Drugs usually prescribed to lower cholesterol may be an effective treatment against prostate cancer, new research suggests.
Researchers from the University of Missouri found that statins designed to combat high cholesterol can reduce the spread of prostate cancer and even kill cancer cells.
Standard treatment for prostate cancer can include chemotherapy that targets receptors on cancer cells. However, drug-resistant cancer cells can emerge during chemotherapy, limiting its effectiveness as a cancer-fighting agent.
According to the researchers, the cholesterol drugs may prevent this.
“Cholesterol is a molecule found in animal cells that serves as a structural component of cell membranes. When tumour cells grow, they synthesise more cholesterol,” explained study author Salman Hyder.
“Often, cancer patients are treated with toxic chemotherapies; however, in our study, we focused on reducing the production of cholesterol in cancer cells, which could kill cancer cells and reduce the need for toxic chemotherapy."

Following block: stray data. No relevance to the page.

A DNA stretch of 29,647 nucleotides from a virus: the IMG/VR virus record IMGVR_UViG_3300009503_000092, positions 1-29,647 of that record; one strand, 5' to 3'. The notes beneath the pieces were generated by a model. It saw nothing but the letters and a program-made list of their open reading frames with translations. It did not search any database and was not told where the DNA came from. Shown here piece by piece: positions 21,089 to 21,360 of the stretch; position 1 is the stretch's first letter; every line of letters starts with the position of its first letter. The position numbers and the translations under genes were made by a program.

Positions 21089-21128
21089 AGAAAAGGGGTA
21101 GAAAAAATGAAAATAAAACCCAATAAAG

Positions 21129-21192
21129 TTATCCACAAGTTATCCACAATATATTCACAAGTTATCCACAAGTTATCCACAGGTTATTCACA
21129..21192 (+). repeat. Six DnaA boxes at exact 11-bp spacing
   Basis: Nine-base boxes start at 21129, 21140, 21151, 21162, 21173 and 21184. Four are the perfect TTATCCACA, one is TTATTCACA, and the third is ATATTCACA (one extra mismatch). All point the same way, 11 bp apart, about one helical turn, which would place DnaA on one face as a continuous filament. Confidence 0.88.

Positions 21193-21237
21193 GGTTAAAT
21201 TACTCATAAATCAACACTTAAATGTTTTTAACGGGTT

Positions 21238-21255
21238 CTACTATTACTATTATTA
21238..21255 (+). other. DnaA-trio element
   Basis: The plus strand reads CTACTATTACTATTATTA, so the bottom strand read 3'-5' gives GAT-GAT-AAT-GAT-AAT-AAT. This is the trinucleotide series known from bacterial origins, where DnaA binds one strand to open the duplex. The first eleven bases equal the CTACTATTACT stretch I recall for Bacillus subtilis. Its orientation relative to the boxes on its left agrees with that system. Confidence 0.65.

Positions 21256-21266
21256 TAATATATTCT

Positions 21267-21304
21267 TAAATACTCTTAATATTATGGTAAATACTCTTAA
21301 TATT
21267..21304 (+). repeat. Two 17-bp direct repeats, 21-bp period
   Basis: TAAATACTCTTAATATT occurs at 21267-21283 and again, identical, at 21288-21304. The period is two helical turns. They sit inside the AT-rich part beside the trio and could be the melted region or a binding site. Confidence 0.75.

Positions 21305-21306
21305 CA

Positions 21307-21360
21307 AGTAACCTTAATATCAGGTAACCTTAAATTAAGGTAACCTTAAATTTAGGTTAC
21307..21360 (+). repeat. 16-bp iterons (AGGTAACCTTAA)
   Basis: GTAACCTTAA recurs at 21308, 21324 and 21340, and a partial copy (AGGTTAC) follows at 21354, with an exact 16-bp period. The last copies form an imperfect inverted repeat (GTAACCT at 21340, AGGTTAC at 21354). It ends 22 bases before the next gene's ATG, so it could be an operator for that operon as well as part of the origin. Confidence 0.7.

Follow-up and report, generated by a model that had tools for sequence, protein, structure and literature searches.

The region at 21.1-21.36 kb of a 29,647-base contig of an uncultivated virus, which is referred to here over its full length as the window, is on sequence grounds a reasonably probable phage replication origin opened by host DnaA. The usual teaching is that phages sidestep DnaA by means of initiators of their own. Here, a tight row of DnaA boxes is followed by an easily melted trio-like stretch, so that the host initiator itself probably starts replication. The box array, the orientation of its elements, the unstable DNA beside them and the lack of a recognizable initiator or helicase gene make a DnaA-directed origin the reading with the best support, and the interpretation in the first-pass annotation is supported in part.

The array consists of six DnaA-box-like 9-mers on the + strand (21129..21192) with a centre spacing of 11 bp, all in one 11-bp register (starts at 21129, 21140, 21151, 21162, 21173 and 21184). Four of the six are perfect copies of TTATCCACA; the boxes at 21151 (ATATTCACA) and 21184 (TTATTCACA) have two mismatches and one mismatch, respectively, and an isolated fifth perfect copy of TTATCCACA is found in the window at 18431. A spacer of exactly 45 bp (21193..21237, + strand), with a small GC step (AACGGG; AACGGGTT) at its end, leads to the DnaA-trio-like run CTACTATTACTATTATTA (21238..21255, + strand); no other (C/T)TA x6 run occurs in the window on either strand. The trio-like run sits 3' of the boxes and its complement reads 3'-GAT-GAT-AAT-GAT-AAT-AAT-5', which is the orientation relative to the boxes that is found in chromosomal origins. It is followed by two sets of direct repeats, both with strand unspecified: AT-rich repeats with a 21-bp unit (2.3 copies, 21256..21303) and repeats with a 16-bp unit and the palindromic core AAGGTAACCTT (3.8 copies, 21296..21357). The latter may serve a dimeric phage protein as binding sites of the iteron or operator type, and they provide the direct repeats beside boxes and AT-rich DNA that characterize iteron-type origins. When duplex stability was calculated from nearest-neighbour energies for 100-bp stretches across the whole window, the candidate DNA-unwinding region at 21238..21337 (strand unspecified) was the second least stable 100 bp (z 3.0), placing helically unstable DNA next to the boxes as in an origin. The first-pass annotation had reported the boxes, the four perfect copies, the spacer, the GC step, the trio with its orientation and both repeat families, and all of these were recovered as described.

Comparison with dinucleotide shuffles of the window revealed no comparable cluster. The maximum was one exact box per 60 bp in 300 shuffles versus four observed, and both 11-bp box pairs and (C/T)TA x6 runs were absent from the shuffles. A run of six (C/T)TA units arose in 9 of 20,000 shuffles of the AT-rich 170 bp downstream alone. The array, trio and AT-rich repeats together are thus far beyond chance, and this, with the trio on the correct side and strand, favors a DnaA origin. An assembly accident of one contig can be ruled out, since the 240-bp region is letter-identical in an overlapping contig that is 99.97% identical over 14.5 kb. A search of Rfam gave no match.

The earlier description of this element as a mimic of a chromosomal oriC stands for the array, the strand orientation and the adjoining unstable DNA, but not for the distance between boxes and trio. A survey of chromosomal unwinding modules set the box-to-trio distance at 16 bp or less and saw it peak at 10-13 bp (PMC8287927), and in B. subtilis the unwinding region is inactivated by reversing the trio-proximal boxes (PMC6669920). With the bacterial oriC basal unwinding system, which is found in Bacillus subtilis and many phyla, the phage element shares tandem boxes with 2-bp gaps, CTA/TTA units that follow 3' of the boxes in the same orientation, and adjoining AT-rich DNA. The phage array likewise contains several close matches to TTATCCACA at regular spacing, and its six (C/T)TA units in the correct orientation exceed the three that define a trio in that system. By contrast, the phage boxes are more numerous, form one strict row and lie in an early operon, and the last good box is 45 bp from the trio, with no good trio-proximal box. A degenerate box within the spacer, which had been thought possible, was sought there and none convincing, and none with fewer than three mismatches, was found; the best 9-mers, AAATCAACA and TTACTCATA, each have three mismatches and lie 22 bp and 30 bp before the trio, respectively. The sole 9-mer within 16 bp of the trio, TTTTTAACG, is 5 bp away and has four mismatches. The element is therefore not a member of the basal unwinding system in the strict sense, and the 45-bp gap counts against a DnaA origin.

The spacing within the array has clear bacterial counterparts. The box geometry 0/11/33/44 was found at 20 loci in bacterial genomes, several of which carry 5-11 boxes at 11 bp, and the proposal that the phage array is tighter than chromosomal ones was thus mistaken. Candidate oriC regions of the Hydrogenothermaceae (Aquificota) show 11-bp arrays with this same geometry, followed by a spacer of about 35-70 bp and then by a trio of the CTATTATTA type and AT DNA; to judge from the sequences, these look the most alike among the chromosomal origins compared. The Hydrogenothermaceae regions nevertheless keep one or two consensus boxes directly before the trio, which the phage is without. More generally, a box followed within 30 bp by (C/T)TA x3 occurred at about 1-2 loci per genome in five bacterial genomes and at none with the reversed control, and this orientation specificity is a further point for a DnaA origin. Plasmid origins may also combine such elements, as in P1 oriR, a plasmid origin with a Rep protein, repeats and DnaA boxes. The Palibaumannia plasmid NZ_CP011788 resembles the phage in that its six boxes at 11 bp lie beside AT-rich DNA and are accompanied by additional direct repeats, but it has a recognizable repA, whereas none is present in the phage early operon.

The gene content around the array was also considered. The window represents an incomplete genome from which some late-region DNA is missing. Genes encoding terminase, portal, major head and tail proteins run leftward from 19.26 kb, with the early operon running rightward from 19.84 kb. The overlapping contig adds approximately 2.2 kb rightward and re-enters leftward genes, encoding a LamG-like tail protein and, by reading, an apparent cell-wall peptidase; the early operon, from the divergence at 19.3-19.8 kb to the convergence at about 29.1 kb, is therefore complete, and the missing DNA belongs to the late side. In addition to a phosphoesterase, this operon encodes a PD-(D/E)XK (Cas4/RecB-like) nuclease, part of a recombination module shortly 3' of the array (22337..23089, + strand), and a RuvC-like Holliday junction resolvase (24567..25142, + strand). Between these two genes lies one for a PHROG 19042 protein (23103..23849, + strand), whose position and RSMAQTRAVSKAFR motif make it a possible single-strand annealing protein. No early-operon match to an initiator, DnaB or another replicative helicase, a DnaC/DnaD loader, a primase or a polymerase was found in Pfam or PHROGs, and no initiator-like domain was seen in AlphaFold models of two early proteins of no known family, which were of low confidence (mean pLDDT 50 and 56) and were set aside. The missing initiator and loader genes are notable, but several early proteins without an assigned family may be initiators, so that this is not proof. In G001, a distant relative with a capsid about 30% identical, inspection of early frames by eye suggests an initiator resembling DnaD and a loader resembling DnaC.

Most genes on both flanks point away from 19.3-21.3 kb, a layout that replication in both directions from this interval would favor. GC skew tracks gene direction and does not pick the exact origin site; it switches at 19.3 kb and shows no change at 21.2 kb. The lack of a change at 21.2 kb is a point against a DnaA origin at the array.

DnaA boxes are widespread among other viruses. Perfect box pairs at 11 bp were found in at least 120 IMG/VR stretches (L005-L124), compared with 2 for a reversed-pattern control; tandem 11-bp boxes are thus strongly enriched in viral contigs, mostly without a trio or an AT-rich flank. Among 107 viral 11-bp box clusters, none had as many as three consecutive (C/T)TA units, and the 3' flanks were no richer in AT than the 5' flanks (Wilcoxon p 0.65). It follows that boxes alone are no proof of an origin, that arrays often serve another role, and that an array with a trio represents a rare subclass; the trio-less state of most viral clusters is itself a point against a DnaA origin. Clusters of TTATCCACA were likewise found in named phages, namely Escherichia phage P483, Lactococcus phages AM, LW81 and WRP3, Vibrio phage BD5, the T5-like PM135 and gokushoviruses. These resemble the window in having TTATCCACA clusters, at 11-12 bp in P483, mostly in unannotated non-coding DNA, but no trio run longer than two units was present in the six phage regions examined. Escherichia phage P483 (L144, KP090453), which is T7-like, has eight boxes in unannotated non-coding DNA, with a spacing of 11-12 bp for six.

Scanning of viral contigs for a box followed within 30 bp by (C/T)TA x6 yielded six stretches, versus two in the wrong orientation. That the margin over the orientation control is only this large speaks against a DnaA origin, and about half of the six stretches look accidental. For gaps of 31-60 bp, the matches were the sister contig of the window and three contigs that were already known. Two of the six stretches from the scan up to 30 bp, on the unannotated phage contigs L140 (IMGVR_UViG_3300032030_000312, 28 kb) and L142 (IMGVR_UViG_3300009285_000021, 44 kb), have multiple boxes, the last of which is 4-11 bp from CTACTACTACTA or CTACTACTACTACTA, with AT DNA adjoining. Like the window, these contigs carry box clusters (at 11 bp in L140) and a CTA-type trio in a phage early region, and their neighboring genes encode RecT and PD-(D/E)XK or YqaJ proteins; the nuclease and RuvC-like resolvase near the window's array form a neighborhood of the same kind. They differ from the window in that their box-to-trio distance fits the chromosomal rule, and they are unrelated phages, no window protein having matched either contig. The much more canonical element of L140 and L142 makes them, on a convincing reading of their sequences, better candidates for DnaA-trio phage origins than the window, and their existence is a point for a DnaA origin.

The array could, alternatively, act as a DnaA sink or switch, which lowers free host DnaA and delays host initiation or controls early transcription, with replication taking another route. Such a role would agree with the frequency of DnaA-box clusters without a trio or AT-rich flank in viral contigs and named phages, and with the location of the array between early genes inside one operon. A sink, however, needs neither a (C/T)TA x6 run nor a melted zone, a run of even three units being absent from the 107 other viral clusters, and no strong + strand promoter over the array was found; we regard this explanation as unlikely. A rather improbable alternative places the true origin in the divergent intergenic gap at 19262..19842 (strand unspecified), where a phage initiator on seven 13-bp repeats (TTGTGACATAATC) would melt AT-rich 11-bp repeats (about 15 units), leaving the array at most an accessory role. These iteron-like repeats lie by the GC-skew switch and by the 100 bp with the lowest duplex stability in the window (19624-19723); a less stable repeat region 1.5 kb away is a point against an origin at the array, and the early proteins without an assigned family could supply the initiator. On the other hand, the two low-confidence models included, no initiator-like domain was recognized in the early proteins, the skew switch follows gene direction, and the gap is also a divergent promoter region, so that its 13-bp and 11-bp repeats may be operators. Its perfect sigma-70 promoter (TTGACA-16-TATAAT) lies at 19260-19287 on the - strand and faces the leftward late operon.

Using a compound developed by Roche Pharmaceuticals for the treatment of high cholesterol called RO 48-8071, Hyder and his team administered the molecule to human prostate cancer cells.
They found that the compound was effective in reducing human prostate cancer cell growth.
In a subsequent study, they found that the compound could even kill cancer cells completely.
Armed with this information, Hyder and the team then tested the results in mice with human prostate cancer cells. Following injection of the compound, Hyder found that the molecule was effective in reducing tumour growth.
According to the scientists, these findings suggest that the potential cholesterol drug, when used in combination with commonly used chemotherapeutic drugs, could "represent a new therapeutic approach in the fight against prostate cancer".